A Story About Death and Dying for Children, sans Illustrations

Shane loved to feed the birds. He would watch out his window as the cardinals flew from the feeder with a single sunflower seed or a grackle shoveled its way through the mess looking for exactly the right morsel.

One day he noticed a crow overhead, simply watching. Shane didn’t know why it chose to be alone or why such a big bird didn’t simply bully its way through the other birds. He grew concerned that it had no food or friends. He left a salty nut for the crow, such was his sorrow for its situation. 

The next morning the nut was gone and two crows were in the tree, croaking and flying from branch to branch. They ceased their play when Shane came into view and looked down at him expectantly. That day he left two nuts, such was his gladness at seeing the newfound friends frollicking. 

On the third day there were three crows. Shane understood then that there were many crows living a beautiful life of play and food and kinship, rising above the houses and farms to giddying heights grokking their laughter for no one but themselves. He left many nuts that day. He wanted to live beneath them and be a part of their world. 

Soon Shane had an entire murder of crows greeting him every day, cavorting around the yard, always curious for the sake of being curious. From both books and observation he learned about them. He learned to tell them apart from their habits and their size. And they learned about him as well. They could tell Shane apart from the cruel boys down the street with their pellet gun and from the woman who would throw rocks at them when they alighted in her yard. Shane was theirs as they were his and they began to follow him.

When he left on his bicycle they flew above, and when he stopped at his destination they sat watch, guarding him from cats and boys with bad intentions. 

As Shane grew, there were times when he became sad. Sometimes he felt so sad and angry that he couldn’t stand it. At these times the crows would circle above him, croaking in the way that crows do. They performed a ritual, unseeable to people, in which they called up the sadness into the sky and ate of it. Sadness didn’t hurt crows nearly as much as it does humans and so they ate of it when enough had been drawn off and distilled in the space between the trees.

For Shane’s part, he knew that his spirits rose and the anger drained from his face and his fists as he watched the easy flight of the crows he thought of as his. They would perch on his windowsill and bring him tidings of good or ill fortune. 

For his part Shane would see to the care of the crows who were ill or injured and he learned the ways of a doctor, splinting wings and administering fluids, keeping them in relative security of his home until they were well again. And when the crows neared the end of their lives they would huddle on the ground while the rest of the murder croaked their song of passage. Shane would come and sit watch alongside them, and when the end finally came it was Shane who wielded the shovel, wrapped the bird in white linen and interred it, plucking a feather from its wing. He inserted the feather in the hollow of a mighty oak that the crows favored. In the morning following such an event the feather would be gone and there would be sprigs of holly and the blossoms of honeysuckle on the disturbed ground.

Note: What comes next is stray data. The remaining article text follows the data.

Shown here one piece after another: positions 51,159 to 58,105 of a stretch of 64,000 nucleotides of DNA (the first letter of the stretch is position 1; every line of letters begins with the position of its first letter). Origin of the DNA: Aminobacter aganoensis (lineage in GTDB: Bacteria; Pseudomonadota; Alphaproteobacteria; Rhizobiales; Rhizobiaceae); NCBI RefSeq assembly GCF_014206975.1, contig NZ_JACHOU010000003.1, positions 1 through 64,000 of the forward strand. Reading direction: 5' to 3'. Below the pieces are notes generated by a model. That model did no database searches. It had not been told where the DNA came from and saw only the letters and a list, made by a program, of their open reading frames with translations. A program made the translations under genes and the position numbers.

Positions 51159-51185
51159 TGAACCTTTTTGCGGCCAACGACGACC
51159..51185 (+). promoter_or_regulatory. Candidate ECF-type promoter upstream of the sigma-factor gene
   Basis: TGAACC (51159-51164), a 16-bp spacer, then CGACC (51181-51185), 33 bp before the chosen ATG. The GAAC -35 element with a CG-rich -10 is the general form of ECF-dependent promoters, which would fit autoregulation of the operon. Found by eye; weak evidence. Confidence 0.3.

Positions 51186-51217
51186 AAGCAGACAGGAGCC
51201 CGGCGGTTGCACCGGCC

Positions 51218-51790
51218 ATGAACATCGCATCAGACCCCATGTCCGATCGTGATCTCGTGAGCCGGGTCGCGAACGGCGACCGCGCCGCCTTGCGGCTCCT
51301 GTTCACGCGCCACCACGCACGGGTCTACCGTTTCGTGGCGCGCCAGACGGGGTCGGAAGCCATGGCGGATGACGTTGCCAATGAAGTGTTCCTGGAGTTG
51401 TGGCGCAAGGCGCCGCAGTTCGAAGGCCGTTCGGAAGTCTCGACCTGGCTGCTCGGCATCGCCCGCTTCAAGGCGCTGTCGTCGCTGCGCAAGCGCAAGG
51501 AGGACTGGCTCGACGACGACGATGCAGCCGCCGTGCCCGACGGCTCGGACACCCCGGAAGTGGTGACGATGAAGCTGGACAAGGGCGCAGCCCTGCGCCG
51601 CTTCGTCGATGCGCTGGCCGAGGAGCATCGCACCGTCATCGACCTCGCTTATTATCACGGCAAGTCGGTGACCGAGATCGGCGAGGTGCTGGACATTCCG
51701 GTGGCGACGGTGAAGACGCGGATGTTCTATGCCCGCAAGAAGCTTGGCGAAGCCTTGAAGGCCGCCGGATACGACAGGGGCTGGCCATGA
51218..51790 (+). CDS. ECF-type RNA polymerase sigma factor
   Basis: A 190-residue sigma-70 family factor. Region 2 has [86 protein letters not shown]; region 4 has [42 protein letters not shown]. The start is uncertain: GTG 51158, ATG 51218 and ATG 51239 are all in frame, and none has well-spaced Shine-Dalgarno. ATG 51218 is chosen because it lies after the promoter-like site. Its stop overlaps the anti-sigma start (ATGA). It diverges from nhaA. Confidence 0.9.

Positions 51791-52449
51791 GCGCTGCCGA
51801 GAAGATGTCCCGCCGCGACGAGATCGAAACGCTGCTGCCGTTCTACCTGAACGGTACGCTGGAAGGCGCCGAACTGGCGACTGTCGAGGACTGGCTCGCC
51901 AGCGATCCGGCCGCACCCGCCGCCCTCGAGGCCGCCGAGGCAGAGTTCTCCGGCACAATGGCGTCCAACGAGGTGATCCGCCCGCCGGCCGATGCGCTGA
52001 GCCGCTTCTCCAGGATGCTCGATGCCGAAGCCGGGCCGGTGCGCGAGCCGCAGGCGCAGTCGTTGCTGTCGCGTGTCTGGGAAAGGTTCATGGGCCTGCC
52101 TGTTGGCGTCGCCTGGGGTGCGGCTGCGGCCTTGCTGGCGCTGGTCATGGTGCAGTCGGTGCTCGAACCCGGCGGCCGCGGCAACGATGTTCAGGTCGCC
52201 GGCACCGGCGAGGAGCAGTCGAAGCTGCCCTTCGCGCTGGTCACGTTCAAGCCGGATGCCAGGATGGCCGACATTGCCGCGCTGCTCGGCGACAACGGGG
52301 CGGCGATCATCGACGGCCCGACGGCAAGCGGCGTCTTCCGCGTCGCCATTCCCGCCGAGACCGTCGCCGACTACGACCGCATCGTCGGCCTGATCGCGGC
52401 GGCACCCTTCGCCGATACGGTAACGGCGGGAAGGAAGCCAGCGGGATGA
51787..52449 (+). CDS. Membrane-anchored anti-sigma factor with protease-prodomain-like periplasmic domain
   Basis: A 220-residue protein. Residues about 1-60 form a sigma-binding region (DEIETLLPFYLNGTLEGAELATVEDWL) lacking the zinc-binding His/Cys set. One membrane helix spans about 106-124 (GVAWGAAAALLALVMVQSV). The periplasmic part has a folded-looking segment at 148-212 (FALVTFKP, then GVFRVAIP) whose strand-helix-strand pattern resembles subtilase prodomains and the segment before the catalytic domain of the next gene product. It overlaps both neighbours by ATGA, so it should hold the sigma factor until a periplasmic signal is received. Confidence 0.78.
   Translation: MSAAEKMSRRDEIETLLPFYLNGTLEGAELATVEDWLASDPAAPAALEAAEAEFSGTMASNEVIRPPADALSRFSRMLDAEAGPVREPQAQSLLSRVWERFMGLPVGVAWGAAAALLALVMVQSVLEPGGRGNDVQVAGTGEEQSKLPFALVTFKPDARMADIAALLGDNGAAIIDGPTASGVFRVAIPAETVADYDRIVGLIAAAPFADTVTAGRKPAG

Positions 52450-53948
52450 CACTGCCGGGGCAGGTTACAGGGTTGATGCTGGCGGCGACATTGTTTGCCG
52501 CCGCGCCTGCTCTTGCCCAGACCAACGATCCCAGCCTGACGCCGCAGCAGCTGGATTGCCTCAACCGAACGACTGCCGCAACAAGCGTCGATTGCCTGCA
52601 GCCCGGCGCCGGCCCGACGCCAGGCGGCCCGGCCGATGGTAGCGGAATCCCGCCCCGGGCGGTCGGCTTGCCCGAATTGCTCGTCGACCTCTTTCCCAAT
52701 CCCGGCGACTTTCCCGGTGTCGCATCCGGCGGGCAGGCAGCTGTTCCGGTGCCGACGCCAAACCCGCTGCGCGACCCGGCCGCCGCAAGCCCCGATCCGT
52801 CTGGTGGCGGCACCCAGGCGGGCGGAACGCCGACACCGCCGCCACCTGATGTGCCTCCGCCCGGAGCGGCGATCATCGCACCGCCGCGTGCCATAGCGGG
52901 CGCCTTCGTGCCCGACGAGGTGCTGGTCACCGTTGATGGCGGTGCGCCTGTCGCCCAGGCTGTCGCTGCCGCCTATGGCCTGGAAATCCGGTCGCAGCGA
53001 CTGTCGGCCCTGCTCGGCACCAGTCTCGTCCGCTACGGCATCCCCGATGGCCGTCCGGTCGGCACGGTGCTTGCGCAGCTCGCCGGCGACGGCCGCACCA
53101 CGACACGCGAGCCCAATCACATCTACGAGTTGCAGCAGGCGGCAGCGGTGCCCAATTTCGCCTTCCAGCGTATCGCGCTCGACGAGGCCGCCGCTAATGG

There came a time when Shane left his family’s home and went out into the world. He bid farewell to his crows with a heavy heart and he believed that he needed the crows much more than they needed him. But as he drove away he saw the entire murder following behind him. As the miles fell away beneath  the wheels of the car the birds turned back, one by one, until finally there was one remaining. As he arrived at his destination it landed on another grand oak, and Shane knew that despite all his worries he was not alone. In a matter of days another extended family of crows had arrived and accepted into their lives the crow from his home. 

His life proceeded along these lines. Shane did many things in his life, and had loves and friendships and children. He was good at all these things because he had learned that life and death are part of the same cycle. In its turning it travelled through the grand spiral of time towards a brilliant white light, distant but pregnant with promise.

Shane did his best to live in the world, but he knew his share of sadness, grief and anger. The crows did their best to clear it away so that it didn’t clutter his life, for it is crows who are responsible for the cleaning of soiled time. 

One day when he was a very old man Shane was walking through the woods. Things suddenly felt strange, as if the world was no longer the world. He could hear the crows overhead, and for the first time, the music in their calls. He looked above, behind and around himself and the branches were weighted with birds of all sorts and the crows had gathered around him, looking up and in their deep dark eyes he saw sympathy and he saw love. 

The sound of dark wings beating brought him to his senses and a crow many times his size came to rest on the ground before him. It groomed itself, watching him as it ran its beak over its feathers, surveying him and assessing his character. Then it bowed to him, turned around and presented its back. Shane knew the favor it offered and was only too pleased to gently climb its huge, soft back. He wrapped his arms around the sides of its neck and sighed with pleasure as he felt himself taking flight.  


    1. becomingmycelial says:

      thanks so much for you kind comments!

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